Assertive communication will increase your self-esteem
as you respond to people and agencies
in a competent, capable manner, managing
your emotions and maintaining respect for yourself and others. Assertiveness is the ability to express your feelings and assert your rights directly, openly, and honestly. When you communicate in an assertive manner, you will have less interpersonal conflict and will reduce some sources of stress
in your life.
Examples of assertive behavior include:
- Standing up for your rights.
- Asking others to respect your feelings and understand your thoughts about a particular situation.
- Responding appropriately when others are offensive, defensive, aggressive, or hostile towards you.
- Not blaming or attacking.
- Employing direct and straightforward communication. Not defensive or manipulative.
- Using "I" statements, expressing your feelings about a situation.
Assertive behavior does not look aggressive or passive. Aggressive behavior appears hostile. The term "in your face" implies crossing boundaries and a forward-leaning, threatening posture. When you are angry, people can read your emotion on your face. Muscles are tensed, the eyes are drawn down, the forehead wrinkled. Eyes communicate anger. An aggressive person is tense, with tight, drawn up shoulders, clenched fists, jaws tight. Passive behavior looks victim-like. When you are passive in a situation, you may look down, not at the eyes of the other person, your posture and shoulders are slumped. You look defeated. In contrast an asssertive person looks confident. Her head is up. She has eye contact. Her posture is erect. Standing tall and assured, she is ready to communicate her truth.
Assertive behavior does not sound aggressive or passive.When you are assertive, your voice is calm, even-toned, with a pitch that is not loud (aggressive) and not soft (passive), but just right. You can be heard, but you are not offensive. The other person is more likely to listen to what you are saying.
Assertive behavior does not feel aggressive or passive. When you are aggressive, your anger is in control. When you are passive, you feel weak, defenseless, powerless, like a victim. When you are assertive, you feel competent, capable, able to take care of yourself and your problems. Assertiveness increases your self-esteem and improves your relationships with other people.
When you communicate assertively, you are more likely to be heard and to get your needs met. Assertiveness is also self-validating. Your standing up for yourself communicates to yourself how important you are. An important note: If you communicate assertively and do not get what you ask for, you still feel better about yourself simply because you stood up for yourself.
Assertiveness is an expression of self-awareness: I feel. I think. I believe. I want. I know. In order to make those statements, you have to be aware of your thoughts and feelings. Then when expressing these, "I" messages communicate effectively. When you use "you" messages, the person you are talking to may feel attacked. It is more difficult to argue or defend against someone's clear expression of her feelings. Use of the "I" helps you stay assertive. Moving to "you" statements implies moving towards aggression, towards an attack.
Wiklund (1995) provides tips for assertive communication in her book Sleeping with a Stranger. Assertiveness requires a combination of verbal, nonverbal and vocal messages.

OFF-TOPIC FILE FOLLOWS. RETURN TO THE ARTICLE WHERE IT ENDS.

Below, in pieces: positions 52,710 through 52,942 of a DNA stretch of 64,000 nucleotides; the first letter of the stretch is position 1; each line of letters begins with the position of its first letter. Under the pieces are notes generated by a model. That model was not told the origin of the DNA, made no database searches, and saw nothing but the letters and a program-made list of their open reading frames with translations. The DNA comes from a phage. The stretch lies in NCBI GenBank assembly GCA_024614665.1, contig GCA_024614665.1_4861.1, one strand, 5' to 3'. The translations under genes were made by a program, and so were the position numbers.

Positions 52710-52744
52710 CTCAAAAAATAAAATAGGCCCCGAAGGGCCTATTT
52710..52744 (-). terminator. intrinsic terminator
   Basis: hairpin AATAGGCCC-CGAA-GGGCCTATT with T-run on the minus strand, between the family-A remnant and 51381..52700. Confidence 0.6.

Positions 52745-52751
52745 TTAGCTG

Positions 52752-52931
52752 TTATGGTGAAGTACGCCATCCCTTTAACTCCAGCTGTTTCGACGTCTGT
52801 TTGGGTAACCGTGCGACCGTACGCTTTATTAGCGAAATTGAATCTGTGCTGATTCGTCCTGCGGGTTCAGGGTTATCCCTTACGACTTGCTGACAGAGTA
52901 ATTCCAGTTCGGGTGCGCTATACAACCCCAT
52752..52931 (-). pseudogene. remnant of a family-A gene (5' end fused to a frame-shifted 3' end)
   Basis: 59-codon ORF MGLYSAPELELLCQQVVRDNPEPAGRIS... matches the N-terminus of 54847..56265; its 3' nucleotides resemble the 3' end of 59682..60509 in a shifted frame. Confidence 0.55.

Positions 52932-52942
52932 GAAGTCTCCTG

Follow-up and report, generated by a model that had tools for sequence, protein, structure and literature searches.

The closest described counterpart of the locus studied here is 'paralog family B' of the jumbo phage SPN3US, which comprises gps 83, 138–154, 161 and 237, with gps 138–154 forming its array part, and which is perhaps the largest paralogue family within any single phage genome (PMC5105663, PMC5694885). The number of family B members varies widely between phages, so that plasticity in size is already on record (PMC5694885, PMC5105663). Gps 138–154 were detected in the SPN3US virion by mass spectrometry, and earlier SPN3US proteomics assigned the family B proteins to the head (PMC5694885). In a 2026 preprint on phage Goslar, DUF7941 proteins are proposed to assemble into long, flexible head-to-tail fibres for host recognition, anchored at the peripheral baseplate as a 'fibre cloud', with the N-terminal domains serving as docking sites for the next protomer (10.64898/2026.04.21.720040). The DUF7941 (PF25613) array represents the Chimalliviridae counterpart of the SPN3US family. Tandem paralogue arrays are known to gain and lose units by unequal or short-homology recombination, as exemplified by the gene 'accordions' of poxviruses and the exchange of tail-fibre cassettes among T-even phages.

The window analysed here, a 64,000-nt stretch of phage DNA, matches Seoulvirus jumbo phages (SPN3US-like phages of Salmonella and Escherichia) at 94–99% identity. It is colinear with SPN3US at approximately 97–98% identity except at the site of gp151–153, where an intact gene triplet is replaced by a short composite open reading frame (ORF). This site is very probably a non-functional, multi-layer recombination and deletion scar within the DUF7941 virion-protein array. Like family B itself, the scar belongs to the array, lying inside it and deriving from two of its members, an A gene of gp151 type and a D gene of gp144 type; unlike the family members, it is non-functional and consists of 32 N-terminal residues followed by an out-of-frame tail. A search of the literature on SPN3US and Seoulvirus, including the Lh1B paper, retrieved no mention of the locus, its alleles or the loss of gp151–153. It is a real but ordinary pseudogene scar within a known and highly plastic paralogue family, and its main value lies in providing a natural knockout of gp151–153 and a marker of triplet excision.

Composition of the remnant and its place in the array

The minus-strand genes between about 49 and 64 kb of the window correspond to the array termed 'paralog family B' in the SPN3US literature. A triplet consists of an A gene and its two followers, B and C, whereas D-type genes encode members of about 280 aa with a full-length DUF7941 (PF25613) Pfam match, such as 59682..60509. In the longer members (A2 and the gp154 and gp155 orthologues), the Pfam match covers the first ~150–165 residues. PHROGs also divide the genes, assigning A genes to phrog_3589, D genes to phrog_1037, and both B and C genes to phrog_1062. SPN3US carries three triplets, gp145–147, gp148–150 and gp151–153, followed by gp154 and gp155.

Saying "no." Some people have a hard time saying "no" and feel powerless in communication. This negatively impacts self-esteem as they doubt their competence and worth. When saying "no":
- Be brief. Do not give a long explanation of why you are saying "no."
- Say the word "no." The word "no" has power. Saying "I do not think so" leaves the request open to discussion.
- Repeat. You may have to say "no" several times. People do not always hear you the first time you say it. Be like a broken record, though, repeat the brief "no" without changing your tone of voice, elaborating, or reacting to the person's not hearing your "no."
- Shake your head "no." Sometimes women smile when they say "no." They give a double message. Do not smile. Do not nod your head "yes" in an understanding way. Instead, shake your head "no" while saying "no." This will reinforce the "no."
- Do not say "I'm sorry." Be aware of your use of this phrase. Many women use it frequently as a habit. If you say this when saying "no," the person will think you are open to changing your mind since you may not mean the "no."
Saying "yes." This means the request is reasonable. It is not reasonable just because it works for the other person; it has to work for you. Think about the request and do not give an automatic response out of fear of what the other person may think or feel.
- Do not give yourself an explanation. If your choice is healthy for you, you do not have to defend it.
- Think about what you want. Be aware of what your preferences are. Learn about yourself, and make changes as you like. You are the creator of your life. Do not disempower yourself by allowing others to choose for you.
- Do not reconsider based on what other people want. Mothers usually spend their lives taking care of other people. Take care of you.
Asking someone for a favor. Some women have trouble asking for help or asking for a favor. You may feel comfortable responding to someone else's request but uncomfortable making your own.
- Be clear in your communication.
- Be specific in your request: what you want, what you need, what the other person can do for you.
- You also do not have to bribe someone to help you. Just ask.
- You will want to give the person time to think about your request.
- Do not apologize for asking.
See Open Communication for healthy communication in family.